During another public hearing, the council approved a medical marijuana license for Richardson Remedies, which operates a medical marijuana store at 9 Bog Road in Caribou. The business plans to open another location at 745 Main St. in Presque Isle, in the former location of the Oriental Pearl restaurant.
Richardson Remedies will become the fourth marijuana business in Presque Isle, after Northern Maine Flower, Star City Wellness and Full Bloom Cannabis. The latter, located on Main Street, became the first such business to begin selling recreational marijuana in spring 2021.
Councilors also reapproved the medical marijuana license of Star City Wellness, owned by Joe Pelkey and Chase Norton. The business recently failed a code inspection of their building at 483 Main St. due to a lack of odor control and inadequate smoke detectors. City Manager Martin Puckett said that Pelkey and Norton have since installed carbon filters to control the odor and new smoke detectors.
Both license approvals required separate public hearings, which brought about a discussion between councilors and a concerned resident. Robin Thurston, a member of Drug Free Aroostook, claimed to have emailed information to councilors regarding the health effects of marijuana on youth, but said she received no responses.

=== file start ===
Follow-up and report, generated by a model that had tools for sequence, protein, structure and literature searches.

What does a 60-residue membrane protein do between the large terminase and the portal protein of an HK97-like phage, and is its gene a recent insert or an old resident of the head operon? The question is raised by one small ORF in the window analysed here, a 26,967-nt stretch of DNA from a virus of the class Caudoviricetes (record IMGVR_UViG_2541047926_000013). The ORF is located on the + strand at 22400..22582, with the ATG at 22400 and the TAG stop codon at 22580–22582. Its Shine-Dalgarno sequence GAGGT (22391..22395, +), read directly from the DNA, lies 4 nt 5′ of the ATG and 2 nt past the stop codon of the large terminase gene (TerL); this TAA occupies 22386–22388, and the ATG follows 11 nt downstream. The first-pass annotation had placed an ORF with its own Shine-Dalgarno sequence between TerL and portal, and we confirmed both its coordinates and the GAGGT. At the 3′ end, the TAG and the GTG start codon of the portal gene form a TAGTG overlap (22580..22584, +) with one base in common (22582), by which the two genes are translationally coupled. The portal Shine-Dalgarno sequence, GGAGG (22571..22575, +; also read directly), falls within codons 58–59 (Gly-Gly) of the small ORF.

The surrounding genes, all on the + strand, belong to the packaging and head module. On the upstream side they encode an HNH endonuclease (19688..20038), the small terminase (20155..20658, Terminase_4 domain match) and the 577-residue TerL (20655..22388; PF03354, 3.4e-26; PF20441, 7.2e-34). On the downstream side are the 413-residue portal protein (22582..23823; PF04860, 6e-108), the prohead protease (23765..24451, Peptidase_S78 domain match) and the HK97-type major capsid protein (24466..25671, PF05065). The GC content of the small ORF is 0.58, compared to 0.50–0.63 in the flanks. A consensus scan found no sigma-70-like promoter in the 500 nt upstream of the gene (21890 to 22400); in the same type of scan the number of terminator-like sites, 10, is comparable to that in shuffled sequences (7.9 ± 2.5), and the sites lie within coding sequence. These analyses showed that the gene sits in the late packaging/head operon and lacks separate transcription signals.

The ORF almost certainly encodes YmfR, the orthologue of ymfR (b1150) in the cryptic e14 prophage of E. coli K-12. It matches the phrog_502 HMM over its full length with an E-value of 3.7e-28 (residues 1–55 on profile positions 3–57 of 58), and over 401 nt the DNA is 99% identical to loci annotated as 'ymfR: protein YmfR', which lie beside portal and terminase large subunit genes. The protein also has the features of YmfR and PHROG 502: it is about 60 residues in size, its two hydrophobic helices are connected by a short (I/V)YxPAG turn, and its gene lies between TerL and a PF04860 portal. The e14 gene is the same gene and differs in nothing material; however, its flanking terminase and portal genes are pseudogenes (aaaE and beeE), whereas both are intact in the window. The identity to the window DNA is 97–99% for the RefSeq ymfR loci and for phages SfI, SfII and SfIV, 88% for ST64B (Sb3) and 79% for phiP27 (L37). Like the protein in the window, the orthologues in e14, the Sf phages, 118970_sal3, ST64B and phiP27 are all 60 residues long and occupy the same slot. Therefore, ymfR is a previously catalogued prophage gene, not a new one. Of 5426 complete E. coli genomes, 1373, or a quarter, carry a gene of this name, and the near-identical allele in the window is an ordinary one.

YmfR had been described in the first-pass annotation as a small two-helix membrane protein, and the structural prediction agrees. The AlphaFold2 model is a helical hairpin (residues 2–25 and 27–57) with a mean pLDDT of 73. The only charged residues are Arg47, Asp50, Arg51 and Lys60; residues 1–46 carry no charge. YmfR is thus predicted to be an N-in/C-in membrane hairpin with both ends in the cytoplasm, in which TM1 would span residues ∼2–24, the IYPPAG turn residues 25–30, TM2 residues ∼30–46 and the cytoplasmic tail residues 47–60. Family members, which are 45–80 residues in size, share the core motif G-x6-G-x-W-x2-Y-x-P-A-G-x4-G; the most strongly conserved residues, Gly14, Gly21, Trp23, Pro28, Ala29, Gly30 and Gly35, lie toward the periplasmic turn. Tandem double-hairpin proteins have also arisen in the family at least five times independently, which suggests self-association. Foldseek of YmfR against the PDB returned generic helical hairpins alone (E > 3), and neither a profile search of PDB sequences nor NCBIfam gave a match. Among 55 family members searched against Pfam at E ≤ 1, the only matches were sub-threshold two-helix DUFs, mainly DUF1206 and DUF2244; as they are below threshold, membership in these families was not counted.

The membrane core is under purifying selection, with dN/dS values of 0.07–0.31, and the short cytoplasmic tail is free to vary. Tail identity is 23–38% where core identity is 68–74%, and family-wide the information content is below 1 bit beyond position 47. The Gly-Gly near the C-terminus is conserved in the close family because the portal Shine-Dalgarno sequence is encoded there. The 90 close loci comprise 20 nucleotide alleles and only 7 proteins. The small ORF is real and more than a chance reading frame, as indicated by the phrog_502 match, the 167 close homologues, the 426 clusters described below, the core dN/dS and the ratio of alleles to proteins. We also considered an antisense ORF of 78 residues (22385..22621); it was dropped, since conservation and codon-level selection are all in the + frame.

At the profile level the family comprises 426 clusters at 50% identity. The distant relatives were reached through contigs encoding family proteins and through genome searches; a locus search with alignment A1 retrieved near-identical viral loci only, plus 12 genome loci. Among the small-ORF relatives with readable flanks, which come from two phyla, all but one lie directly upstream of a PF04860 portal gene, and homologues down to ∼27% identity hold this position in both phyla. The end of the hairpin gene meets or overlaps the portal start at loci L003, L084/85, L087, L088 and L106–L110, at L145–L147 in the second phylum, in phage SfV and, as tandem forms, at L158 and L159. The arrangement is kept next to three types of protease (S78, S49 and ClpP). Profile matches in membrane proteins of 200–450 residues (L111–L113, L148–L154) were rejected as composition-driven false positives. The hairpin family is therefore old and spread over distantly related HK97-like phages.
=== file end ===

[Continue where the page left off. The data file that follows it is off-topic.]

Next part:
Thurston expressed concern about the growing number of marijuana businesses and how young people might interpret their presence in the community.
“I question the location [of Richardson Remedies]. It’s highly visible on Main Street and it could make our youth think, ‘Hmmm, I guess it’s okay to smoke dope,'” Thurston said. “Is there a limit to how many stores you can allow?”
The city does not intend to limit the number of marijuana businesses in much the same way that they would not limit other businesses, Councilor Mike Chasse said.
“I’m not a marijuana user, but I would not try to limit the businesses people can open. There are multiple bars in town and multiple car dealerships in town,” Chasse said.
Green addressed Thurston’s concerns about the proximity of marijuana businesses to Main Street. He noted that the city abides by the state’s laws regarding where those stores can be located and that there are legal reasons for placing stores in visible spots.
“They’re in locations where police and the public can easily see them,” Green said. “The more eyes that are on those properties, the more secure they are.”
In addressing Thurston’s concern about marijuana being a potential “gateway drug” for youth, Councilor Jeff Willette said they need to balance youth education with the necessary access to marijuana for people who use the drug for health reasons.
“For some people, marijuana is a ‘get-out’ drug that they use to get off of the harder drugs. Being able to go into a store gives them an avenue to step down [from their addiction],” Willette said.
Though the discussion with Thurston did not alter the council’s decision about Richardson’s Remedies, Willette acknowledged Thurston’s concerns.
“It all starts in the home. We have to educate our kids while at the same time allowing access for other people,” he said.